d) works emitting offensive odours;
e) sites for solid waste disposal.
13. Natural conservation areas including –
a) creation of national parks, game reserves and buffer zones;
b) establishment of wilderness areas;
c) formulation or modification of forest management policies;
d) formulation or modification of water catchment management policies;
e) policies for the management of ecosystems, especially by use of fire;
f) commercial exploitation of natural fauna and flora;
g) introduction of alien species of fauna and flora into ecosystems.
14. Nuclear Reactors.
15. Major developments in biotechnology including the introduction and testing of genetically modified organisms.
WHEN SHOULD AN EIA BE DONE?
EIA is part of the project development process and is usually done at the initial stages of the project development. It is a decision making tool and should guide whether a project should be implemented, abandoned or modified prior to implementation.
EIA AS A LEGAL REQUIREMENT
a) A proponent or investor shall not implement a project likely to have a negative environmental impact, or for which an EIA is required by the Environmental Management and Coordination Act or regulations issued under it unless an EIA has been concluded and approved in accordance with the law.
b) No licensing authority under any law in force in Kenya shall issue a trading, commercial or development permit or license for any project for which an EIA is required or for a project/ activity likely to have a cumulative significant negative environmental impacts unless the applicant produces an EIA licence issued by the Authority.
ISSUES TO BE CONSIDERED IN EIA?
1. Ecological considerations, including:
a) Biological diversity
b) Sustainable use
c) Ecosystem maintenance
2. Social considerations
a) Economic impacts
b) Social cohesion or disruption
c) Effect on human health
d) Immigration or emigration
e) Communication – roads opened up, closed, rerouted
f) Effect on culture and objects of cultural value
a) Views opened up or closed
b) Visual impacts
c) Compatibility with surrounding area
d) Amenity opened up or closed e.g. recreation possibilities
4. Land uses, including:
a) Effect of proposal on current land uses and land use potentials in the project area
b) Effects of proposal on surrounding land uses and land use potentials
c) Possibility of multiple uses.
a) Water sources (quantity and quality) – rivers, springs, lakes, underground water, and oceans.
b) Drainage patterns / drainage systems.
WHO ADMINISTERS EIA?
The National Environment Management Authority (NEMA) is mandated by the Environmental Management and Coordination Act EMCA) no 8 of 1999 to administer the EIA.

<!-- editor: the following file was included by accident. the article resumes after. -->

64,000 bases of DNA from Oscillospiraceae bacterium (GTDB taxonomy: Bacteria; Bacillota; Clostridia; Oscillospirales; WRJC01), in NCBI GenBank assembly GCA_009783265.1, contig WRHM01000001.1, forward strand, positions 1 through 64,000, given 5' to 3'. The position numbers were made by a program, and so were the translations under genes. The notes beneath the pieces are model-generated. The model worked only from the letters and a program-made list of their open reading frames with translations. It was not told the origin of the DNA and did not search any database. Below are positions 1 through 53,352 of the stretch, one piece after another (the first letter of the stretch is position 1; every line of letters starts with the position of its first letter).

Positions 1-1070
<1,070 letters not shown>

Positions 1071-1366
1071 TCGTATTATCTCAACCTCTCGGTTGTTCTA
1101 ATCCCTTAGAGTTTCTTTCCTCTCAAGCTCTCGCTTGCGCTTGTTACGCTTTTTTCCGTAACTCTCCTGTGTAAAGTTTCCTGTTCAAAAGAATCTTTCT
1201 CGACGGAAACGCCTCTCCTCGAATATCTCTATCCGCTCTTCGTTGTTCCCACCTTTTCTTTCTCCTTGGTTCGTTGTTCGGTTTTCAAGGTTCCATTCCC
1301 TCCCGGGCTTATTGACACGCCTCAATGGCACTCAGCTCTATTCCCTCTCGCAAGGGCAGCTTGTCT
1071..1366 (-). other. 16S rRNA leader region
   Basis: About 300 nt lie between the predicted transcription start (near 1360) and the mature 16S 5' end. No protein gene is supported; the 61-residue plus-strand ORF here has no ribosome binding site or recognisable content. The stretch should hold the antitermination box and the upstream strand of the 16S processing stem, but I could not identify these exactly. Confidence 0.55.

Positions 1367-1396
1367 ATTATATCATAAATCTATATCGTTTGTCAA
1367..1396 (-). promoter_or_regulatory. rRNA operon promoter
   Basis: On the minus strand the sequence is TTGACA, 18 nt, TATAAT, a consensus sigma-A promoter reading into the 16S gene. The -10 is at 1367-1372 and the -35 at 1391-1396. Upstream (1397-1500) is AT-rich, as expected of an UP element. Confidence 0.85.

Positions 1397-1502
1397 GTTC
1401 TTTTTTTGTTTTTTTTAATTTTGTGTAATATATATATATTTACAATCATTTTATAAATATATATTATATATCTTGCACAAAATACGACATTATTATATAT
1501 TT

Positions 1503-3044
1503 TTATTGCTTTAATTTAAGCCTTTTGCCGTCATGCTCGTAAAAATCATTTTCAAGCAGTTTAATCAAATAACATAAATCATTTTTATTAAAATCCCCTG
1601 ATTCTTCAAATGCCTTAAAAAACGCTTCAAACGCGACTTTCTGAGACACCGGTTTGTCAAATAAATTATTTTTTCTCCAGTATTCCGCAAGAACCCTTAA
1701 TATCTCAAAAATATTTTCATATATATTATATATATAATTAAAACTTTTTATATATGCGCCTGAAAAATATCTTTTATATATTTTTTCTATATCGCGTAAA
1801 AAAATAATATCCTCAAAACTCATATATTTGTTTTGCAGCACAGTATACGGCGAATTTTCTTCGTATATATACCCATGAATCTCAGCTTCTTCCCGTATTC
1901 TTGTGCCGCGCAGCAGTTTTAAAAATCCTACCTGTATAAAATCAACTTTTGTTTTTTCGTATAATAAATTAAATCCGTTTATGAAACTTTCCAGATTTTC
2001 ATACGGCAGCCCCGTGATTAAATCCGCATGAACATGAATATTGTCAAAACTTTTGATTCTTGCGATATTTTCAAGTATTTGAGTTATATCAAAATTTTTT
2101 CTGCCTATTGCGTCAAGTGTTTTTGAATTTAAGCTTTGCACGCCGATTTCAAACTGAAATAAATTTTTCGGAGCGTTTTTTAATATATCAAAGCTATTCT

WHO PAYS FOR THE EIA?
The project proponent pays for the entire EIA process.
The fee payable to NEMA is 0.05% of the project cost.
WHO QUALIFIES TO CARRY OUT AN EIA?
Individual Experts or Firm of Experts registered by NEMA are the only ones to do all EIA/ EA studies. A register of the EIA experts is available in the Authority’s headquarters, District and Provincial offices and can be accessed upon payment of a fee of Ksh. 200.
HOW DOES THE PUBLIC PARTICIPATE IN EIA?
The law requires that during the EIA process a proponent shall in consultation with the Authority seek the views of persons who may be affected by the project or activity through posters, newspapers and radio; hold at least three public meetings with the affected parties and communities.
The public participates by either submitting written or by making oral comments. Such comments are considered in reviewing the EIA Study Report.
EIA PROCESS:-WHAT STEPS ARE INVOLVED IN EIA?
The key elements in the EIA process include: –
1) Development and submission of a Project Report for projects or activities which are not likely to have significant environmental impacts or those for which no EIA study is required. However, if the Authority considers that an EIA study is required, then the ensuing EIA process is as follows:
a) Scoping and drawing-up of Terms of Reference (TOR) for the study for approval by the Authority.
c) Gathering of baseline information through investigation/ research and subsequent submission of EIA Study Report to the Authority.
d) Review of EIA Study Report by the Authority and relevant lead agencies.
2) Decision on EIA Study Report includes approval, approval with conditions or rejection.
4) Implementation of project.
5) Monitoring the project
6) Auditing the project